Once again the stock market is in full bubble mode. The market was already overvalued earlier this year and the froth continues to build. Valuations are off the chart and euphoria is setting in…[while,] at the same time, you have inflation eroding the purchasing power of regular Americans not participating in this casino. All the signs of a bubble top are there – massive speculation, unexplainable valuations, and blind optimism – even though the fundamentals don’t make any sense. [This article substantiates that contention.]
The above introductory comments are edited excerpts from an article from mybudget360.com entitled We are absolutely in a stock market bubble: corporate equity valuations now higher than peak reached in 2007. Crestmont P/E of 26.3 is 90 percent above its average of 13.9.
The following article is presented courtesy of Lorimer Wilson, editor of www.munKNEE.com (Your Key to Making Money!), and www.FinancialArticleSummariesToday.com (A site for sore eyes and inquisitive minds) and has been edited, abridged and/or reformatted (some sub-titles and bold/italics emphases) for the sake of clarity and brevity to ensure a fast and easy read. This paragraph must be included in any article re-posting to avoid copyright infringement.
Further edited excerpts from the article are as follows:
The stock market is a poor indicator of the overall economy but it does show how those with disposable income to invest are thinking:
- Internet chat forums are full of people pumping up stocks
- Penny stocks are surging in light of people looking for the next free lunch which was very common during the tech boom of the 1990s
- People are throwing caution to the wind and trying to time the market
- People are going all in on stocks fully ignoring bonds as a part of a balanced portfolio.
Once again the stock market is in full bubble mode. The market was already overvalued earlier this year and the froth continues to build. Valuations are off the chart and euphoria is setting in…[while,] at the same time, you have inflation eroding the purchasing power of regular Americans not participating in this casino.
All the signs of a bubble top are there – massive speculation, unexplainable valuations, and blind optimism – even though the fundamentals don’t make any sense [as outlined below].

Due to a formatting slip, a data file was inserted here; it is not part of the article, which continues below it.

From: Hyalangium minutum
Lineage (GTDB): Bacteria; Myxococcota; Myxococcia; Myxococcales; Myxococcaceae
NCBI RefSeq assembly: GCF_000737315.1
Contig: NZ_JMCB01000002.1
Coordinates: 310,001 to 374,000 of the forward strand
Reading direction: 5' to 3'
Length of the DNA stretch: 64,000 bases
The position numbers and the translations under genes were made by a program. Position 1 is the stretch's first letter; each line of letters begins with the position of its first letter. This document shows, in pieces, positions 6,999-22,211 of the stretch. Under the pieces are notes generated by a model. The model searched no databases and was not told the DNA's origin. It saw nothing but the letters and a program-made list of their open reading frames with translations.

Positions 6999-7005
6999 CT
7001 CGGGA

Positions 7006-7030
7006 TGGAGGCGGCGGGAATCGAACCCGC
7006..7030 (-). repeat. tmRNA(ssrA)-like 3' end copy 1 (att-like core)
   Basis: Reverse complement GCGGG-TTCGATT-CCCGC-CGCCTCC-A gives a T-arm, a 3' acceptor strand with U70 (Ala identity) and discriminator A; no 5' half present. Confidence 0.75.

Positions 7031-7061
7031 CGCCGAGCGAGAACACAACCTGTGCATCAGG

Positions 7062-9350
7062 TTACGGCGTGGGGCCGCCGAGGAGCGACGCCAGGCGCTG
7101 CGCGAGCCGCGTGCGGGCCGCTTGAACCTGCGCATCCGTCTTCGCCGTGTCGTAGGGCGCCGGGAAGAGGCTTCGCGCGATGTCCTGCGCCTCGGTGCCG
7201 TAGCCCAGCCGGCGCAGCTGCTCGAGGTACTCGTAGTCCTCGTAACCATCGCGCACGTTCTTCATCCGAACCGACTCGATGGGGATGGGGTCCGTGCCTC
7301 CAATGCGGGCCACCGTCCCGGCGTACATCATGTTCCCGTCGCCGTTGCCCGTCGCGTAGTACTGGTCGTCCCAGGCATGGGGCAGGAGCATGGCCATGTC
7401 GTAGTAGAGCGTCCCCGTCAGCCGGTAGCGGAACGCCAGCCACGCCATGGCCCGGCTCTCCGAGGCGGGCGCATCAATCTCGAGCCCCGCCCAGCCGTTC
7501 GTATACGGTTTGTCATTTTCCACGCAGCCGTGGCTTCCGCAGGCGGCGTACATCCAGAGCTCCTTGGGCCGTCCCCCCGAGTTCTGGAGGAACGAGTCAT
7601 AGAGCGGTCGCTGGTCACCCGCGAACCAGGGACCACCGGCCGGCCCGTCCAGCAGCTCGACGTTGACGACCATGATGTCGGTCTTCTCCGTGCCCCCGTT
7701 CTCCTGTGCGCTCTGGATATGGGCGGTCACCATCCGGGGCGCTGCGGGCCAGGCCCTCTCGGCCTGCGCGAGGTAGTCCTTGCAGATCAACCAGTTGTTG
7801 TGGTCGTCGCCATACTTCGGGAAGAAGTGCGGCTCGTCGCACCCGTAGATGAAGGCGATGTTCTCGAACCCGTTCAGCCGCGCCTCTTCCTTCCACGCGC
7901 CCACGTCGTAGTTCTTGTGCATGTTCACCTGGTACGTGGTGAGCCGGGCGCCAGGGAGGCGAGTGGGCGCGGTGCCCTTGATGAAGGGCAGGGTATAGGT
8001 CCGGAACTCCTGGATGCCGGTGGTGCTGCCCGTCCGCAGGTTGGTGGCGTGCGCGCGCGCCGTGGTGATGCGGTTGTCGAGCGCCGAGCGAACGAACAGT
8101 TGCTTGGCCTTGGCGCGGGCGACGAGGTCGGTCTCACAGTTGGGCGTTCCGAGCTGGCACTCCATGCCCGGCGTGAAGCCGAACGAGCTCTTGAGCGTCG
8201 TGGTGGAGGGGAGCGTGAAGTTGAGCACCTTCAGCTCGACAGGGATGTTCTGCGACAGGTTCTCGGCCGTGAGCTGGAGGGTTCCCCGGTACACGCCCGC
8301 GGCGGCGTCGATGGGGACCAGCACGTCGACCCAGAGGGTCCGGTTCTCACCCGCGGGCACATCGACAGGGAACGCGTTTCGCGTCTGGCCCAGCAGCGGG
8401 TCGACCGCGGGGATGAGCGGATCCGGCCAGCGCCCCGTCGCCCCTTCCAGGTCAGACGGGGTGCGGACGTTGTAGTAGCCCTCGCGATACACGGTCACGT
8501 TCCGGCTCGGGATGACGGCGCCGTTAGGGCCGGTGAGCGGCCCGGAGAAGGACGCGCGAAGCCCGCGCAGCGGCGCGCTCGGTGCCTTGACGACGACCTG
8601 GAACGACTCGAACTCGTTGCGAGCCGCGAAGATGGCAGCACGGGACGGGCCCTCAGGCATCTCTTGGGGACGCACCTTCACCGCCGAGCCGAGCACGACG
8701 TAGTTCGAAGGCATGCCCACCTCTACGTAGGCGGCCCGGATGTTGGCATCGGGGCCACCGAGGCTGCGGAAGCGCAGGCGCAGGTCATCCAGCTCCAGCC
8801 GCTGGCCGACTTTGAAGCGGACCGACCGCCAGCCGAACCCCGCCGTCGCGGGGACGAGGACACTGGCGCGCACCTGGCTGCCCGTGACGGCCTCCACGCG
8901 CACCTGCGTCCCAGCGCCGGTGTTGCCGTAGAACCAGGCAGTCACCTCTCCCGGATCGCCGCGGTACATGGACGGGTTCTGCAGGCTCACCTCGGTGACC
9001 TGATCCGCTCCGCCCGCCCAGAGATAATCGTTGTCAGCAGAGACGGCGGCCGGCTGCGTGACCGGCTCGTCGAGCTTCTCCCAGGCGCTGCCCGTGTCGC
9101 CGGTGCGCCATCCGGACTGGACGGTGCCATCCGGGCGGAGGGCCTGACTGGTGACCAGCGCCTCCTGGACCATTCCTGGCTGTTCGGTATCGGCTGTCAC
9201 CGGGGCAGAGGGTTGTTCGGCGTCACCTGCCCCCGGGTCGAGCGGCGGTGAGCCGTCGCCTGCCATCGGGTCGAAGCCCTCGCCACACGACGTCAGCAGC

Corporate equity valuations
A good way to look at values is to take the value of corporate equities and measure them against GDP (the supposed true indicator of output from our economy). Stocks should be a reflection of what is being produced in the real economy. The market, of course, is merely a proxy for what is happening in the real world and when it loses this position, problems begin to arise.
Take a look at current valuations:
The current stock market is more speculative than it was in 2007 and we all know what came after that…The S&P 500 is up 192% since 2009 so, of course, people are going to get wide eyed when they see things like this. Why balance your portfolio when you can go after big gains? Of course, this is when the public gets burned and a big part of this run has come from easy money policies that have already eroded purchasing power for many Americans...People want to be the next millionaire even though there is no logic (or profits) from the companies they are investing in. People are looking to get rich without any actual work.
Valuations out of sync
…The market is looking extremely over valued:
The Crestmont P/E is at 26.3 which is 90 percent higher than the average of 13.9 going back to 1870. This is an important metric because it takes a look at current price and measures it against actual earnings. According to this measure, people are heavily overpaying for stocks today.
Half of Americans do not own any stocks so this is very much a sideshow to them. Inflation has eroded much of their purchasing power over the last generation. Access to debt was confused with actual wealth when in reality, wealth continues to aggregate in fewer and fewer hands and the mass public with investable disposable income is trying to get rich quick. As usual, similar to the tech boom and real estate boom, the public is the last to the party right when the bubble is inching closer to a bust.
The above are all fairly clear signs that the market is overvalued and a correction is imminent… When the Crestmont P/E is valued at 90 percent above its historical average you know something is going to give.
Then again, irrational exuberance can last a lot longer than you think.
Editor’s Note: The author’s views and conclusions in the above article are unaltered and no personal comments have been included to maintain the integrity of the original post. Furthermore, the views, conclusions and any recommendations offered in this article are not to be construed as an endorsement of such by the editor.
*http://www.mybudget360.com/stock-market-in-bubble-cynk-pe-valuations-at-record-levels/ (If you enjoyed this post click here to subscribe to a complete feed and stay up to date with today’s challenging market!)
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